How underfloor heating (UFH) works?

In its simplest term Underfloor heating or UFH is a method of warming the building by using the floor as a radiator.  However, unlike the radiators that you may be used to, the floor is operated at a much lower temperature.  The reason for this is that the floor is a far larger area than a radiator and, therefore, does not need to run at such a high temperature to heat the room.

The Romans had a form of UFH that used warm air from a fire drawn through ducts in the floor.  Today we use warm water to through pipes in the floor to achieve the same result.  Vast improvements to the thermal insulation of our modern buildings makes UFH the best option for heating. 

Heating Pipes are pipes laid in the floor at the time of construction or during renovation work.  Warm water is circulated through these underfloor heating pipes that are either embedded within a concrete screed or within a suspended timber floor (see floor types).

radiator heat profileunderfloor heating profile

The water is distributed to the pipes through manifolds at between 35-45°C and heats the floor surface to a temperature in the range of 22-29°C.  Heat is emitted into the room as approximately 60% radiant heat, 20% convection, and 20% conduction.  

Each room or area would have its own circuit and be individually controlled by a room thermostat.  When the room reaches its pre-set temperature the thermostat sends a signal to an electrically operated valve on the manifold, closing that particular circuit. The floor effectively becomes one large heat store giving off a gentle, even, radiant heat to the whole room.

Any type of boiler can be used to provide heat although the condensing boiler option or a heat pump offers far greater energy savings.

Can I fit Underfloor Heating (UFH) in to my building?

UFH can be used in any type of building and in most types of floor structures. What best describes your project - New Build & Complete Renovation, Partial Renovation, Retro-fit.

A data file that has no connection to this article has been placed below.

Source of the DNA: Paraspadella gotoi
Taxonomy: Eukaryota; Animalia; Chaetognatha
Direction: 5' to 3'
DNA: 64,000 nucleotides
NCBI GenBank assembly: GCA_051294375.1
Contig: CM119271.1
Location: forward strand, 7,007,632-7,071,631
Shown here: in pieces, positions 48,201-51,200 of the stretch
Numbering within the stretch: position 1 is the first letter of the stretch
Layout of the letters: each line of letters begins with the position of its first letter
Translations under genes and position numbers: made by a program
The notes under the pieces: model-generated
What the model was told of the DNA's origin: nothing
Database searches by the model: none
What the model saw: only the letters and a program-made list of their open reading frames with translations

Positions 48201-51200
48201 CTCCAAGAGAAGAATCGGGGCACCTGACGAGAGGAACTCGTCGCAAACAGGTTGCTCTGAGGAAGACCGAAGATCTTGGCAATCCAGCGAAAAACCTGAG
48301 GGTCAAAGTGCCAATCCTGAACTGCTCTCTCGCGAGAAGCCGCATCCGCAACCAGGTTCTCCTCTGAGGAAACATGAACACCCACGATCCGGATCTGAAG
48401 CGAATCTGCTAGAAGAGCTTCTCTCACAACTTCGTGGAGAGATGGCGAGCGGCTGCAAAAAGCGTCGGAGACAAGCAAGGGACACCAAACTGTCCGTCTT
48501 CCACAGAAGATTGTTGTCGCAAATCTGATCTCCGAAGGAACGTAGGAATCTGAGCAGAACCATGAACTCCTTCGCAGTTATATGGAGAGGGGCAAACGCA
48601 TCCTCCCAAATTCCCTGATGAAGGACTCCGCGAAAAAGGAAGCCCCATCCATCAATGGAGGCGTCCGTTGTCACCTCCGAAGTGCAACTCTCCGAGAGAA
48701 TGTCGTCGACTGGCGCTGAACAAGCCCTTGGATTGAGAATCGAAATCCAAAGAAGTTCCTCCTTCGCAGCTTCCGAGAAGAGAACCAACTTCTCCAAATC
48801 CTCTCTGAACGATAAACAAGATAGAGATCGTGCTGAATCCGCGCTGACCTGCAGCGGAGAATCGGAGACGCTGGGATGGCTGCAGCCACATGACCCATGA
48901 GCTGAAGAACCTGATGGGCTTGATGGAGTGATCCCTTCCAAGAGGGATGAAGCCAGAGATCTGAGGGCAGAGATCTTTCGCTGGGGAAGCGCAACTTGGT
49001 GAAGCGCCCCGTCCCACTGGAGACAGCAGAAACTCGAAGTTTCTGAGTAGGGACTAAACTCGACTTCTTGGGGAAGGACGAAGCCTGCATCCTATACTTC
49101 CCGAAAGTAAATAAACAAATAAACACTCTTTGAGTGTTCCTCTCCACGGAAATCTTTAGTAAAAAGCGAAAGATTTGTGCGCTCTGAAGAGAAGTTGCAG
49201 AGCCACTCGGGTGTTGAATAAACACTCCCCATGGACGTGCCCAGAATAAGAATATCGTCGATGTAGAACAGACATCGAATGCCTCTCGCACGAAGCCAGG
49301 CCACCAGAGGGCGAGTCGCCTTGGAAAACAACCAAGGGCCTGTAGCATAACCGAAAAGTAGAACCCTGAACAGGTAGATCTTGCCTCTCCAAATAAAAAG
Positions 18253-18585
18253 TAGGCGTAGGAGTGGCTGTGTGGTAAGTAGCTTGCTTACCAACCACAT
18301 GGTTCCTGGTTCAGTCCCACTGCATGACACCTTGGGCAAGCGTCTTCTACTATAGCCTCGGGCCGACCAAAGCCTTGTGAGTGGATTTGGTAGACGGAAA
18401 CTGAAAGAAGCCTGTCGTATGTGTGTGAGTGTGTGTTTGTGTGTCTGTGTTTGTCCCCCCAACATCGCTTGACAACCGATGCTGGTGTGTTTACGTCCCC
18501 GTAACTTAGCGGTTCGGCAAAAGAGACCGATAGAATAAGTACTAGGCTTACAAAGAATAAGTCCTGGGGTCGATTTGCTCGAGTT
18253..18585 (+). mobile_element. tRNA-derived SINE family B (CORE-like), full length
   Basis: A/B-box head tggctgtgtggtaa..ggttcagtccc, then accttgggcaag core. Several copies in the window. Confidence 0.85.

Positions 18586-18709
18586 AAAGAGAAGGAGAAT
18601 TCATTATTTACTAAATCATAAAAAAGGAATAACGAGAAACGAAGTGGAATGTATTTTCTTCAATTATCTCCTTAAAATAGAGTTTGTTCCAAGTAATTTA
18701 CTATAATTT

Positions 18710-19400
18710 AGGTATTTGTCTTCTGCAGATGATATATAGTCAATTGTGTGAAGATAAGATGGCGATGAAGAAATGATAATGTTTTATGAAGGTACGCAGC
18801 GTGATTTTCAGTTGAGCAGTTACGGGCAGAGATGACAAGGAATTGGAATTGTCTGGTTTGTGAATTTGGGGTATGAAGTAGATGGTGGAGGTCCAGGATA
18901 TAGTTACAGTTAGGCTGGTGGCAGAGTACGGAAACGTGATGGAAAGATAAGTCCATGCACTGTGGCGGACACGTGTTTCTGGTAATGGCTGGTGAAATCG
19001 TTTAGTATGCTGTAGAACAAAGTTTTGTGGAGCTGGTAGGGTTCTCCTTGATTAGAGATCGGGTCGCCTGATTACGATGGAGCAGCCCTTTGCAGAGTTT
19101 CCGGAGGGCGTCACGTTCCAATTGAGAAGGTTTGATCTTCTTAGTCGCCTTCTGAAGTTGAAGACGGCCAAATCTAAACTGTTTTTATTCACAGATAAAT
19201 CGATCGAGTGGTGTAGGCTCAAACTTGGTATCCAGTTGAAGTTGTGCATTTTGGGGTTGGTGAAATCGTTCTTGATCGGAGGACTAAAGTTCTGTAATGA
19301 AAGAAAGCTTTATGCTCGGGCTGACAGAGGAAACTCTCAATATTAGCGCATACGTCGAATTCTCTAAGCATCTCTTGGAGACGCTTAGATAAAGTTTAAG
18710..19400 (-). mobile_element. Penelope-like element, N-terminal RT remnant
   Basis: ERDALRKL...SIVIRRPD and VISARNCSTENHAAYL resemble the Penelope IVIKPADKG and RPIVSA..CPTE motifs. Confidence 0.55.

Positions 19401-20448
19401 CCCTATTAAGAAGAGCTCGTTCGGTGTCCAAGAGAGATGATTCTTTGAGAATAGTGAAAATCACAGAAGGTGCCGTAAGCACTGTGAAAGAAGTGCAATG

New Build & Complete Renovation Plan the use of UFH from the very start of the project.  Decide what you are going to use to generate the heat because this can affect the way in which UFH is used. 

For instance, if you plan to use a heat pump then you will need to put in more pipe and also use one of the floor types that has good thermal mass.  This will ensure that the heat pump always works with a high level of efficiency.  It is also better to have all suspended floors in block and beam rather than timber.  Block and beam has a number of advantages over timber such as excellent sound suppression, improved fire prevention, good thermal mass and the ease of putting in UFH.  However, thermal mass can still be used with a timber suspended floor.

If you intend to use a conventional boiler (modern oil or gas condensing type) then you can use any of the floor types.  The pipes can also be spaced a little further apart which will keep the installation cost down. 

The building itself can be of conventional brick or stone, timber frame, structurally insulated panels (SIPS) or architectural glass and steel.  It is only the floor structure that needs to be carefully considered when deciding to use UFH.

Partial Renovation This is similar to a Complete Renovation although the levels of insulation may not be able to be quite so high. 

If the ground floors are to be removed and replaced to overcome damp or structural defect then UFH is the obvious choice in the new solid floor.  If the ground floor is the suspended timber type and is structurally sound, UFH can still be fitted.  The floor boards have to be lifted to expose the timber joists.  The floor is then insulated between the joists and pipe fitted to this insulation (see floor types, suspended timber floors, thermal mass).  If the joists are strong enough to take a thin layer of screed then this should also be applied.  Thin screed of around 20 – 25mm depth and adds an additional weight to the floor joists of around 25kg/m2.  The prime benefit of this is to add thermal mass to the floor which will give an improved performance for the UFH.  Lifting the floor boards is also an ideal opportunity to treat the joists with preserving agents to give long term protection.

For suspended first floors that are structurally sound the choice is quite limited.  You either have to take up the floor boards, take down the ceiling or fit a floating floor system with a new floor over the top.  The latter is very expensive and adds around 25 – 50mm extra height onto the existing floor.  For reasons of cost you may therefore decide to use radiators instead of UFH.